Tuesday’s Headlines: ‘Criminal Mischief’ Hits the Really Big Time Edition

Our editor after a recent paint job (main) and in a New Yorker illustration by João Fazenda.
Our editor after a recent paint job (main) and in a New Yorker illustration by João Fazenda.

No disrespect to the New York Times, Gothamist, the Daily MailNY1, Queen of the Click, Road.cc or any of the many publications that have jumped on our old man editor Gersh Kuntzman’s “criminal mischief” campaign to rein in scofflaw drivers, but on Monday, the New Yorker dropped what might be the biggest bombshell of them all:

The top of the New Yorker piece on our editor. Illustration: João Fazenda

The “Talk of the Town” piece by Dan Greene portrayed Kuntzman as a hammy heroish, riding around town (mostly around precinct station houses, frankly) repairing the intentionally defaced license plates of people who believe they should be allowed to drive recklessly in school zones without punishment. Our favorite part? Greene, who had biked around with Kuntzman as he (Kuntzman) committed criminal mischief to fix plates, described Federal Plaza — home to courthouses, judges, federal officials, cops, firefighters and even the FBI, as “a hotbed of malfeasance.”

If that isn’t a pretty damning observation, we don’t know what is.

In addition, Kuntzman continued his criminal mischief crusade with two more videos on Monday:

And this one, where he caught a possible cop:

In other news from a slow Martin Luther King Day holiday (we were off to honor a great American):

  • The Post’s Nolan Hicks did a deep “seven-month investigation” into several ways in which the MTA seems to be wasting money — most glaringly in having different contracts with Metro-North workers and Long Island Rail Road workers, and in having what may be too much staff. As Hicks reports, “The LIRR and Metro-North currently spend $455 million annually on wages, pensions and benefits for conductors and assistant conductors. That means nearly half of the $1 billion the MTA hopes to generate through fares at both railroads in 2023 will be consumed employing individuals whose primary duty is collecting those tickets.”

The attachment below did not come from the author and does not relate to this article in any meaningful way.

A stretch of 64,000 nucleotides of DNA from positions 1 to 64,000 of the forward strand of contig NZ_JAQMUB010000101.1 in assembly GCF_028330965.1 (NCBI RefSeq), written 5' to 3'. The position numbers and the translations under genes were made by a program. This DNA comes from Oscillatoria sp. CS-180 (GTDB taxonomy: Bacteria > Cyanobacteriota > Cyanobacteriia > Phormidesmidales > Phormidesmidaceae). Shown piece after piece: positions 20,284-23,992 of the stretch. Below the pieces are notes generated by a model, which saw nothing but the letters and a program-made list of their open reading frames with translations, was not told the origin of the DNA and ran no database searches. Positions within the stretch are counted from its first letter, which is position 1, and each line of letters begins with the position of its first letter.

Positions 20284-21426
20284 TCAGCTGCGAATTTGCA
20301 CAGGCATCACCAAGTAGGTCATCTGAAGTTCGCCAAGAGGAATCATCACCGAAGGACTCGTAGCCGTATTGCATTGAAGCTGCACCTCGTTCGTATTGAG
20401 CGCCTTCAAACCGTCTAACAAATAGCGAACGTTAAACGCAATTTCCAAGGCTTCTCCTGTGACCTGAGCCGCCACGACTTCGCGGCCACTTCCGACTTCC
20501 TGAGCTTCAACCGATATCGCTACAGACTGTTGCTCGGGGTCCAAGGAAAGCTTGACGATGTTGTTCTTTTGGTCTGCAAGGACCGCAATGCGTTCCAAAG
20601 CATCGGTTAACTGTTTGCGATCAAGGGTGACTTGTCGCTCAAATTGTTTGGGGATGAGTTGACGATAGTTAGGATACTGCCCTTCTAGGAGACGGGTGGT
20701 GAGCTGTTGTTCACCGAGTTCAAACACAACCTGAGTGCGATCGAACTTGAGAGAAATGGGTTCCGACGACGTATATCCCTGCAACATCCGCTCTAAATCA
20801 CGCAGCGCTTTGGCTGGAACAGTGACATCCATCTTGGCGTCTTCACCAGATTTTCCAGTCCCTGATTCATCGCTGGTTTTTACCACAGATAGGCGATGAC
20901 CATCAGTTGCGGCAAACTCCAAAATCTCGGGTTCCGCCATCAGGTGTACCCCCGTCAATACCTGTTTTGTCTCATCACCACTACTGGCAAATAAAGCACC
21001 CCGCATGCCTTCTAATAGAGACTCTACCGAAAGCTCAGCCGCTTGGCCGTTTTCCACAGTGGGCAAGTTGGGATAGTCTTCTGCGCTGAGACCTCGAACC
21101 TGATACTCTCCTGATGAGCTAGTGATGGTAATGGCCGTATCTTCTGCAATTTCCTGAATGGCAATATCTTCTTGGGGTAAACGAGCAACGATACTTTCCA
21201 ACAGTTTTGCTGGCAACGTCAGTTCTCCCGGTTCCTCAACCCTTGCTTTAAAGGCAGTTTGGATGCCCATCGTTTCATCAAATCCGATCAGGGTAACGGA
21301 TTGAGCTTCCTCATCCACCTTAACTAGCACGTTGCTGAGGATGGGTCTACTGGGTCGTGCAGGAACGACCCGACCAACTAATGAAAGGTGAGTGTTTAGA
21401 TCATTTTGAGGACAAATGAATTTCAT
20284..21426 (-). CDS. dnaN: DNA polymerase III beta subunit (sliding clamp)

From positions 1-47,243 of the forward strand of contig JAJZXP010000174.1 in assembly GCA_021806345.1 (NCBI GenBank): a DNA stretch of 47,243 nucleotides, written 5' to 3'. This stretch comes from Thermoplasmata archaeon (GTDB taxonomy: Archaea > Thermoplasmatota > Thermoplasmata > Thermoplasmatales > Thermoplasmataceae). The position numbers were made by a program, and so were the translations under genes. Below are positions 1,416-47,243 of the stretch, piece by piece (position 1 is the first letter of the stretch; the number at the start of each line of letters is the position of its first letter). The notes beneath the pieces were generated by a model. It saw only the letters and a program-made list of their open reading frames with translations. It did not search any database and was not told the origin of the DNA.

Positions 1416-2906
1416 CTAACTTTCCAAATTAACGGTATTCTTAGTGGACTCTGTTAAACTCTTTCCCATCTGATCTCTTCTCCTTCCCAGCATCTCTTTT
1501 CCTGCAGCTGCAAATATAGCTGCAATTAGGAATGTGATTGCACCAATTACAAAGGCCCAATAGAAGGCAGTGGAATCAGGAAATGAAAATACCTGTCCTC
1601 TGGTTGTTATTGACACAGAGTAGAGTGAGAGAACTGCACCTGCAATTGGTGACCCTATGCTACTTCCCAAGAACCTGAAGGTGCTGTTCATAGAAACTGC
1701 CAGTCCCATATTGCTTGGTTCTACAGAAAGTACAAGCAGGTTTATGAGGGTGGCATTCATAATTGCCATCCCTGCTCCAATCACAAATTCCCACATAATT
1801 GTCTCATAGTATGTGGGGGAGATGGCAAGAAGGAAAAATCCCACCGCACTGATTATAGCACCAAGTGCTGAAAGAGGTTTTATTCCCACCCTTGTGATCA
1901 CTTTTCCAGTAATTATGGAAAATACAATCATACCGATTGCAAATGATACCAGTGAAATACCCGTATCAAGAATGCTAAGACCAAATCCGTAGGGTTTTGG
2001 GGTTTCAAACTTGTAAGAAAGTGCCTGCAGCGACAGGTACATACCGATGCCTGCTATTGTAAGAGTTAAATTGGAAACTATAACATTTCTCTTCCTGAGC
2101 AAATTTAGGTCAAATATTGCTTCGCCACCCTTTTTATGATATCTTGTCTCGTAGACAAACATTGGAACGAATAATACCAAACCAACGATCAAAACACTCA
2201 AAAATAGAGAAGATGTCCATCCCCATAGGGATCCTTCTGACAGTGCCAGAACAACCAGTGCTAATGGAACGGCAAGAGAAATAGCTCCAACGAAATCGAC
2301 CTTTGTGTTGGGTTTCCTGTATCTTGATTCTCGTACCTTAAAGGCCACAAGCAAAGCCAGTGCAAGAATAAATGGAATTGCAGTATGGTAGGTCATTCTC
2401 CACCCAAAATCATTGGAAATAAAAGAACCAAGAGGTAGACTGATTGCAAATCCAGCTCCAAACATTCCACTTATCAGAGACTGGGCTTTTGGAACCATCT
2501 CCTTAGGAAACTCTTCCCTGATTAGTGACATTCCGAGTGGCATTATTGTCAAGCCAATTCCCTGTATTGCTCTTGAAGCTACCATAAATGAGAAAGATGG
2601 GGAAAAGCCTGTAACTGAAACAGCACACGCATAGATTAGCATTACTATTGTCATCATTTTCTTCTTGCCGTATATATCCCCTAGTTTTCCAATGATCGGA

• Speaking of the MTA, some Chelsea residents have a problem with the agency installing modern equipment. (amNY)
  • It was nice to see Gothamist jump on the story of the two NYPD officers who may have been watching a soccer game when they slammed into a pedestrian on Eastern Parkway last year. And we appreciate the link to our original story about the release of videos that raised serious questions about the cops’ involvement.
  • The endless fight over New York’s limited public space continues with some residents resentful that pickle ball players are getting their own court in a Hells Kitchen playground renovation. Clearly, the need is for more public space for everyone rather than all of us battling each other for scraps. (amNY)
  • The New Yorker also had a nice feature on the boys behind the daredevil Instagram account, Citi Bike Boyz. Unlike the esteemed magazine, we’ll offer you the link to the Boyz’s videos.